Afghan and foreign dignitaries have gathered in Kabul for the funeral of the country's last king, Mohammed Zahir Shah, ahead of his burial on a hilltop shrine.
Security was tight in the capital as Afghans bade farewell to the man known as the "Father of the Nation".
Zahir Shah, who abdicated in 1973, led the country through 40 years of stability before its descent into bloodshed.
Hamid Karzai, the Afghan president, was joined by guests including David Miliband, the UK foreign secretary and Shaukat Aziz, Pakistan's prime minister at the presidential palace.
Members of the Afghan royal family also came to mourn the king, who died on Monday, aged 92.
James Bays, Al Jazeera's correspondant at the Shah's funeral in Kabul, said: "The security is tight in Kabul because this is a gathering of Afghanistan's politicians, foreign dignatries, senior figures and tribal elders.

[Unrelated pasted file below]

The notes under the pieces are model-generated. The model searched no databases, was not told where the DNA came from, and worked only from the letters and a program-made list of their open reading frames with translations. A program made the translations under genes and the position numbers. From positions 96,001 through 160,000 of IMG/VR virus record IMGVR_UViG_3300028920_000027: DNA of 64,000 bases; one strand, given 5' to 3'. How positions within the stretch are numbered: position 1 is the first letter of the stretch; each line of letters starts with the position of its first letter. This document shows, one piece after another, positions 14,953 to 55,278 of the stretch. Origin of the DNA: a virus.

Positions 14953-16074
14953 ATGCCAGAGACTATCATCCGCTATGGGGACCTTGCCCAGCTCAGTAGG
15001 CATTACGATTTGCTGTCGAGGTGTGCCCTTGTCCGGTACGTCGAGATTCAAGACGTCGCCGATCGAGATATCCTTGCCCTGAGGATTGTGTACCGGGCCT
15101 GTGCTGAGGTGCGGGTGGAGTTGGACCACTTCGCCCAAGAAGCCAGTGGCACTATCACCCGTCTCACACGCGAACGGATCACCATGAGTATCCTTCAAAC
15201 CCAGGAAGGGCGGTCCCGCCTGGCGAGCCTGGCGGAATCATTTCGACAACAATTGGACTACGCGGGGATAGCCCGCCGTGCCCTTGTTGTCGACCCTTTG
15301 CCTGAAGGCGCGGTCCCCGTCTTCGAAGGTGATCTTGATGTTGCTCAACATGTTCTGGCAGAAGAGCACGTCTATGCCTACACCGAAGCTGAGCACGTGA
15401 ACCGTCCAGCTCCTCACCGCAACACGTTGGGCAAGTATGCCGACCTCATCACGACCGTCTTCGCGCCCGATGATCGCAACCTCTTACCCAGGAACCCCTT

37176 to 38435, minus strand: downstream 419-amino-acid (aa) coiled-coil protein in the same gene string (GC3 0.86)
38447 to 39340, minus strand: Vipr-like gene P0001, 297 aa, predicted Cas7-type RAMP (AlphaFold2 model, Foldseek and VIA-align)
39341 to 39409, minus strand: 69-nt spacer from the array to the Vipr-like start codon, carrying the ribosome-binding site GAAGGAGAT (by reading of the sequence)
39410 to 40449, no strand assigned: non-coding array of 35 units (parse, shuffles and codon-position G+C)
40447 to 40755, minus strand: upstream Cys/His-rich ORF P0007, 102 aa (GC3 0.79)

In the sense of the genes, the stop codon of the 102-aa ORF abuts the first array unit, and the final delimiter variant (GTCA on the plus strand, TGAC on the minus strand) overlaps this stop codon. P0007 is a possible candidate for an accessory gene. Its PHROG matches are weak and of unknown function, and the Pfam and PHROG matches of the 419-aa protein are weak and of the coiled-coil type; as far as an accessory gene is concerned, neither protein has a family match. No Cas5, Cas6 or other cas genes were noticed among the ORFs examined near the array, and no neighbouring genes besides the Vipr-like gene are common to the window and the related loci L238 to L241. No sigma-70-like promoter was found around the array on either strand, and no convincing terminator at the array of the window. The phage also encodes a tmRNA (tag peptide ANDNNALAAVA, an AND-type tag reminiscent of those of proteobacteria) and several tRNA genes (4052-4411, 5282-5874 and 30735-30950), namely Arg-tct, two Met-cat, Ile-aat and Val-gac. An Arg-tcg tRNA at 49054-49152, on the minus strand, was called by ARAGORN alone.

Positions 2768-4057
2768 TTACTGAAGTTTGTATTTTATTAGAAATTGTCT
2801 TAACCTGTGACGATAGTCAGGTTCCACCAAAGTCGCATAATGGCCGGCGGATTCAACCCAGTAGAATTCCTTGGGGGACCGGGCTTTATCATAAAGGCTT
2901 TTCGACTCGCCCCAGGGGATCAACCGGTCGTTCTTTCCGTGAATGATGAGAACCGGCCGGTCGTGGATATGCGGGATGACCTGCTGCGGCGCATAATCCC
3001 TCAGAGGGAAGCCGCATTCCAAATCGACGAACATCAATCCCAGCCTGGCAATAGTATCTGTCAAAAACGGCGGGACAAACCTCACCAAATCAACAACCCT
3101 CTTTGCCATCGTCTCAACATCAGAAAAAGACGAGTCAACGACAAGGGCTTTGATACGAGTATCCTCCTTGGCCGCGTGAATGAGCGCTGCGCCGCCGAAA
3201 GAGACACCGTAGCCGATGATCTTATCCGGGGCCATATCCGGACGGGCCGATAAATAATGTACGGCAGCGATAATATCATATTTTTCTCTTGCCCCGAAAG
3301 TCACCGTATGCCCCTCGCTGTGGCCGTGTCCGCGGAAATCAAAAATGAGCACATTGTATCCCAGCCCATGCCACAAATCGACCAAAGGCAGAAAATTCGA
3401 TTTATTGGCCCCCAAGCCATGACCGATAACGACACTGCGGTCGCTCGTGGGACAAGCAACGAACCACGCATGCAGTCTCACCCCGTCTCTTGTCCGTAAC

"The funeral proceedings will last a few hours - starting at the palace, then all of the dignitaries, quite remarkably, will walk through the centre of Kabul, to one of the biggest mosques, where prayers will be said for the last king of Afghanistan.
"He is then expected to be buried on the edge of the town, where the ancestral relatives of the king are all buried."
Zahir Shah's body will be taken to a hilltop mausoleum overlooking Kabul where he will be buried beside his father, King Nadir Shah who was shot dead in 1933, and his wife Homaira, who died in 2002.
Return from exile
The king returned from 29 years of exile after the Taliban were toppled by a US-led invasion following the September 11, 2001 attacks, and was given his honorary title as the nation's father.
Zahir Shah ended the centuries-old monarchy when he abdicated while on holiday in Italy in 1973, after hearing his former premier Mohammad Daud, who was also his cousin, had staged a coup.
Three days of mourning has been declared by Karzai for the late king, and two days of holidays for his funeral and prayer ceremonies.
India said it would mark his death by lowering its national flag on Tuesday on state buildings and diplomatic missions worldwide.